A Perfect Equation by Elizabeth Everett
The Secret Scientists of London #2
February 15, 2022, by Berkley
Reviewed by Kate H.
The Perfect Equation is a well-paced Regency-era romance that features a bluestocking heroine, a mathematician no less, as well as a bottled-up hero ready to be uncorked. The opening of the book begins with a street protest by the Guardians of Domesticity, part of the noisy and disturbing backlash against women working and becoming educated. “Ladies should be taking care of men’s needs instead of taking men’s wages!” one man yells. My attention was immediately riveted.
My favorite part of the novel was the hero, Lord Greycliffe, or Grey. He was raised in seclusion because of the epileptic fits he displayed as a child. In order to participate in society as an adult, he applies such self-control he might as well as be in an emotional straitjacket. It is fascinating to watch him awaken throughout the book and re-evaluate both his method of living and his mentor and godfather, Earl Melton. He is about to take over Melton’s role as head of the Department, a quasi-governmental agency that is somewhere between MI5 and the army, when he encounters a figure from his past, Leticia Fenley who is now a founding member of Athena’s Retreat, a secret women’s STEM haven.
Letty and Grey are put in charge of Athena’s Retreat while Letty’s best friend, the owner of the building, leaves for a stint in the country. Without giving anything away, they have conflicting purposes, which adds to the tension as the novel progresses. Just as Grey’s childhood has shaped who he is, Letty is also constrained by a scandal that damaged her reputation six years before. A scandal that Grey only made worse at the time.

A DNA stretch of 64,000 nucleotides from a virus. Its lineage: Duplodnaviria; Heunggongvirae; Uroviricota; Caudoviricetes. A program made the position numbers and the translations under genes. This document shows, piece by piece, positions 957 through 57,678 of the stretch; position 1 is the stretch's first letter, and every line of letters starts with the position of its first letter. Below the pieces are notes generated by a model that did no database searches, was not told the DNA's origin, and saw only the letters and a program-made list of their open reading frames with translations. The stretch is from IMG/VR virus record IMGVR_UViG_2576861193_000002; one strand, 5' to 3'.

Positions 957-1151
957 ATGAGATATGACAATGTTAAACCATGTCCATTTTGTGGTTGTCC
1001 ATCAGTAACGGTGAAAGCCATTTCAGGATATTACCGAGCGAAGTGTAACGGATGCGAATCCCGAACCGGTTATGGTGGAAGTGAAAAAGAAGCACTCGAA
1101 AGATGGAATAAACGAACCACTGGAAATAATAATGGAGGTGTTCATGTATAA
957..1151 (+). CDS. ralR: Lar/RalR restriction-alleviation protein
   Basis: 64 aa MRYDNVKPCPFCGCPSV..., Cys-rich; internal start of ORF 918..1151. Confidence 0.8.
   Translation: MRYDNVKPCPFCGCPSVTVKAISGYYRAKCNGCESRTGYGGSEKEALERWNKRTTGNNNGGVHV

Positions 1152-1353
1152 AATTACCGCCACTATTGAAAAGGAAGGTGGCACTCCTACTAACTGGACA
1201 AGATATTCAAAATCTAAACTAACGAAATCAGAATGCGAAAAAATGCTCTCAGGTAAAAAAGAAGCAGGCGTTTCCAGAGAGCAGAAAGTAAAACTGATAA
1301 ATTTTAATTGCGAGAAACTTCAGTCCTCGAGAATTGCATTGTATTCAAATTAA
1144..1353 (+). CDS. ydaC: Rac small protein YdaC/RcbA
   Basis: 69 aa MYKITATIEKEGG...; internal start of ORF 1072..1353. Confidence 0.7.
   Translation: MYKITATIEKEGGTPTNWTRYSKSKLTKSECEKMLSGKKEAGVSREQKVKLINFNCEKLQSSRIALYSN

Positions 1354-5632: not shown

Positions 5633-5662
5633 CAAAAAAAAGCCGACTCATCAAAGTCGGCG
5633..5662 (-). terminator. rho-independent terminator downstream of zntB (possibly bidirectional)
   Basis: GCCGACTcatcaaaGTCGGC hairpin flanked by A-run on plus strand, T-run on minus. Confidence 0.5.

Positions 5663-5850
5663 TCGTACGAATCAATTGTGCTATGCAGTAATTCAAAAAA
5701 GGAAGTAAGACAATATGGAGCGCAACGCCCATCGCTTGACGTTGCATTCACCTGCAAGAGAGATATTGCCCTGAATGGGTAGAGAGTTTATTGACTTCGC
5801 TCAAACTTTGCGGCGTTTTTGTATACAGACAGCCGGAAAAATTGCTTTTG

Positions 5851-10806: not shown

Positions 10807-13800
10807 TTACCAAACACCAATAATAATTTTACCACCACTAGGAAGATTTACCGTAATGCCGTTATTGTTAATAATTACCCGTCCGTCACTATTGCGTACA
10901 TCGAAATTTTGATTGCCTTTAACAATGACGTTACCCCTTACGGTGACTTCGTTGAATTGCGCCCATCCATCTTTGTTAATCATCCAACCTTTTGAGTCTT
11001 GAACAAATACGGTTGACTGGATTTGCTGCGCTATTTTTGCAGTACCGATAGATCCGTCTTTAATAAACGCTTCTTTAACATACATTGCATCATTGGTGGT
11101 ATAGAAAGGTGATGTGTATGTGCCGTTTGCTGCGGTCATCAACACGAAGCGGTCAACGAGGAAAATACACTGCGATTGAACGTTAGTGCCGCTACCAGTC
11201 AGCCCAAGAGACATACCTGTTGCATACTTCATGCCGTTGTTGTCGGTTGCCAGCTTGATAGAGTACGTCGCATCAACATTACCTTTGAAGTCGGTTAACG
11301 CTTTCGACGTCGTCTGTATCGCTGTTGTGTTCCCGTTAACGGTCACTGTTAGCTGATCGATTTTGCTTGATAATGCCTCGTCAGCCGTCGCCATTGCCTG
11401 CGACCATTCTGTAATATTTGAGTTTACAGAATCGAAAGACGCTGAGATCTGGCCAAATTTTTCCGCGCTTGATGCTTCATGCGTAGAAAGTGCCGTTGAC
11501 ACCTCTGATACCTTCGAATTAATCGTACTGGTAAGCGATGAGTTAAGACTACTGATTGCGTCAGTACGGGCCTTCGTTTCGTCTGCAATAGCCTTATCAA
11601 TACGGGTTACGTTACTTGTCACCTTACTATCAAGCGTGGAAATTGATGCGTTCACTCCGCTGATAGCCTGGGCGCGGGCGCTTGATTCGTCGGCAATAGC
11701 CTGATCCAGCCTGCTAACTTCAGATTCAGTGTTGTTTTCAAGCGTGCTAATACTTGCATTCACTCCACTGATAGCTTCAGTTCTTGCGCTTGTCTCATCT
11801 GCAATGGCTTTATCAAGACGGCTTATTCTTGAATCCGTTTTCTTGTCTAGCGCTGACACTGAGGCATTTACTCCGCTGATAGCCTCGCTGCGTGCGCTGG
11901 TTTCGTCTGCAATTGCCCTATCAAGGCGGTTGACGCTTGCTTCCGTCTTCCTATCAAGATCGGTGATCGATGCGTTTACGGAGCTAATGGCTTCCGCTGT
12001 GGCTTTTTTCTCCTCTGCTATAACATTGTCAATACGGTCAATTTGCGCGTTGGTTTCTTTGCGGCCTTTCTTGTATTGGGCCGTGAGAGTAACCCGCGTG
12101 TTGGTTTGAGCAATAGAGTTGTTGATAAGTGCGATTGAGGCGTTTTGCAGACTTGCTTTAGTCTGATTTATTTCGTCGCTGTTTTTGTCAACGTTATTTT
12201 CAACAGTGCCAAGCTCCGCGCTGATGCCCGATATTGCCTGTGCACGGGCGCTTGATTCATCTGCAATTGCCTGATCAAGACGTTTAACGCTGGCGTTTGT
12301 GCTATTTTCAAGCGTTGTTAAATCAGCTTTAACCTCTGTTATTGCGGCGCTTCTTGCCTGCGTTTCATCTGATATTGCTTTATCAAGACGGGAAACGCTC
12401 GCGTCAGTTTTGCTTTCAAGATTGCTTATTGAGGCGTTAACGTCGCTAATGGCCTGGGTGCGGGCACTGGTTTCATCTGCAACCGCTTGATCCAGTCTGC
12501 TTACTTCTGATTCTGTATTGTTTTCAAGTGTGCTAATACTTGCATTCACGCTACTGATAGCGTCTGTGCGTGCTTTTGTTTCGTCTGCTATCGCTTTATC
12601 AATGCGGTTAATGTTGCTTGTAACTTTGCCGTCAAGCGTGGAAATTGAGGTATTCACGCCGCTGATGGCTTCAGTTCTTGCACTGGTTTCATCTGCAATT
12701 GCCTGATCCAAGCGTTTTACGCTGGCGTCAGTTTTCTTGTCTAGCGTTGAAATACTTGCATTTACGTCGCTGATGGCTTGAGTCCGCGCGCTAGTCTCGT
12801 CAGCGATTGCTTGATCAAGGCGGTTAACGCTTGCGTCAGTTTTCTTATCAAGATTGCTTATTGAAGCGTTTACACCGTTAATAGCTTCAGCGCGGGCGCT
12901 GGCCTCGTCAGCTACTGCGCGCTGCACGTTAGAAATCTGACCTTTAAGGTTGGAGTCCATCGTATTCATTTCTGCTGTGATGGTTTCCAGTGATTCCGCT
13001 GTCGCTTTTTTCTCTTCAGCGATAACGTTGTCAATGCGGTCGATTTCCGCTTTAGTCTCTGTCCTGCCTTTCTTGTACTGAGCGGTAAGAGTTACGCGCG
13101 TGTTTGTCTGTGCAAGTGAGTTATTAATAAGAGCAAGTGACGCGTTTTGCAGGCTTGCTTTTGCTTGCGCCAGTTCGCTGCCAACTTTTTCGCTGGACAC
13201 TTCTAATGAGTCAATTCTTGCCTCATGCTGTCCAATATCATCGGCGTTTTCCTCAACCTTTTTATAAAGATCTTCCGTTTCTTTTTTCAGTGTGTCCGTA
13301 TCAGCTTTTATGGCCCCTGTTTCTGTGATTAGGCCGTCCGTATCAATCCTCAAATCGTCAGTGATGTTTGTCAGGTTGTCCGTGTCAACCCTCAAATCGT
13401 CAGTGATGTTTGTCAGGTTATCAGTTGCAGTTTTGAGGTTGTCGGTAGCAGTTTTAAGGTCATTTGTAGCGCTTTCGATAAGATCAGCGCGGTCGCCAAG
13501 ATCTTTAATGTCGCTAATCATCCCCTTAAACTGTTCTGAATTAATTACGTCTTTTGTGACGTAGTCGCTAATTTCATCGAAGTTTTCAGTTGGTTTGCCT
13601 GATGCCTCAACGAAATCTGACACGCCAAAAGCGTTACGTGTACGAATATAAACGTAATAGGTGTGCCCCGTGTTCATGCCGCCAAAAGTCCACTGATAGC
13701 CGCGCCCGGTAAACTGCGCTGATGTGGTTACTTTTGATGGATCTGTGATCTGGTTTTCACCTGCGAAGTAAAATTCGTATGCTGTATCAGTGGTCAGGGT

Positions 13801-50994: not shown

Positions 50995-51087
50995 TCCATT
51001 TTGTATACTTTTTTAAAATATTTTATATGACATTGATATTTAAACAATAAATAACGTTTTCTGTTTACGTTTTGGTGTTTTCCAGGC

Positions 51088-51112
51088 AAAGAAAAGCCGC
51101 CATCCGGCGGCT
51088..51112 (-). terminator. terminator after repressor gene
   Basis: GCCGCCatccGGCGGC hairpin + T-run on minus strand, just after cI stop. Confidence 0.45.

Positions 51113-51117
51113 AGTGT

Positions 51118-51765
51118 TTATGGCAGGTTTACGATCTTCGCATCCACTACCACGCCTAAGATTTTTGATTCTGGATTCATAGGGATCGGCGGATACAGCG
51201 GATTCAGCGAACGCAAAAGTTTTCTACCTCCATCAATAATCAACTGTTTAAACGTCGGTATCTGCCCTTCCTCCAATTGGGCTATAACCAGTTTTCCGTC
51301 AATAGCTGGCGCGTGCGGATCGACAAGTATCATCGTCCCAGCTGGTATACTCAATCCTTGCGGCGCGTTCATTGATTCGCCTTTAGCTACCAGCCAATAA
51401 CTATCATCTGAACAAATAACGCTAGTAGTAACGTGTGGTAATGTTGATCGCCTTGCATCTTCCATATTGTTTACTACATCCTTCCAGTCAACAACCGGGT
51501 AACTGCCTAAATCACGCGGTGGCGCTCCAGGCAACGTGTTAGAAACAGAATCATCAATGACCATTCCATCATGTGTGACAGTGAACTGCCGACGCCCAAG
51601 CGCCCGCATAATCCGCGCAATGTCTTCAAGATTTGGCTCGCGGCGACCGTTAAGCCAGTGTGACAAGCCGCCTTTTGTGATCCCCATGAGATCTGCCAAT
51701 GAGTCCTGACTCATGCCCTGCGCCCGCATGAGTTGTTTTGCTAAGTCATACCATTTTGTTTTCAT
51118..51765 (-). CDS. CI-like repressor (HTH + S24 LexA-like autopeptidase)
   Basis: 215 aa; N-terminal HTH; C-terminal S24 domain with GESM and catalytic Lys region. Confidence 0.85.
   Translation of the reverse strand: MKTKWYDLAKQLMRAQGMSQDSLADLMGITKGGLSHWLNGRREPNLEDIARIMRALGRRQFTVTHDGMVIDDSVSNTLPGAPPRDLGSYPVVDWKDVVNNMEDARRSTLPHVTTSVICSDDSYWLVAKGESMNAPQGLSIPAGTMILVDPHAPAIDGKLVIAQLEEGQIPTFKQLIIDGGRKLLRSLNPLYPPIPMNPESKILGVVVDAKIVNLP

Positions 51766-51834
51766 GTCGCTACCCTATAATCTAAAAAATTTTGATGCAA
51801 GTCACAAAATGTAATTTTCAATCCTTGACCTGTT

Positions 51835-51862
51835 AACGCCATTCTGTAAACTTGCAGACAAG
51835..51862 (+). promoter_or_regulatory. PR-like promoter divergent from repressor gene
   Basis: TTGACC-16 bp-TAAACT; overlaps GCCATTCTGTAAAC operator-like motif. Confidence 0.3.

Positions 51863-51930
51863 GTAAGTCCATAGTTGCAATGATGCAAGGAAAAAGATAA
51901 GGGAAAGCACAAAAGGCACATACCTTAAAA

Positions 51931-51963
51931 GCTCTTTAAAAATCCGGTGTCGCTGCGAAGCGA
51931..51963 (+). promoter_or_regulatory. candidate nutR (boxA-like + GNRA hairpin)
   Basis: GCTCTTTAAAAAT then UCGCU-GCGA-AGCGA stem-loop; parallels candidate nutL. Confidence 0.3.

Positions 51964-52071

The most disappointing part of the novel was the depictions of what went at Athena’s Retreat. Most of the science occurring there was depicted as silly, comical, or out of control. The explosions and damage made several of the women seem irresponsible. There were other moments, like when Letty is working through her equations, where the process reflects a more purposeful inquiry. I found it hard to believe that these women, who risked so much to pursue their science, would come off as so slapstick.
The leader of the Guardians, an oily villain named Victor Armitage, has it in for everyone in this novel. He is a terrifically bad, bad guy: I really wished harm upon the man. I liked how his presence in the novel really made clear the risks the women of Athena’s Retreat. This is definitely a worthy addition to bluestocking sub-genre!
CW: ableism; cruelty to a child
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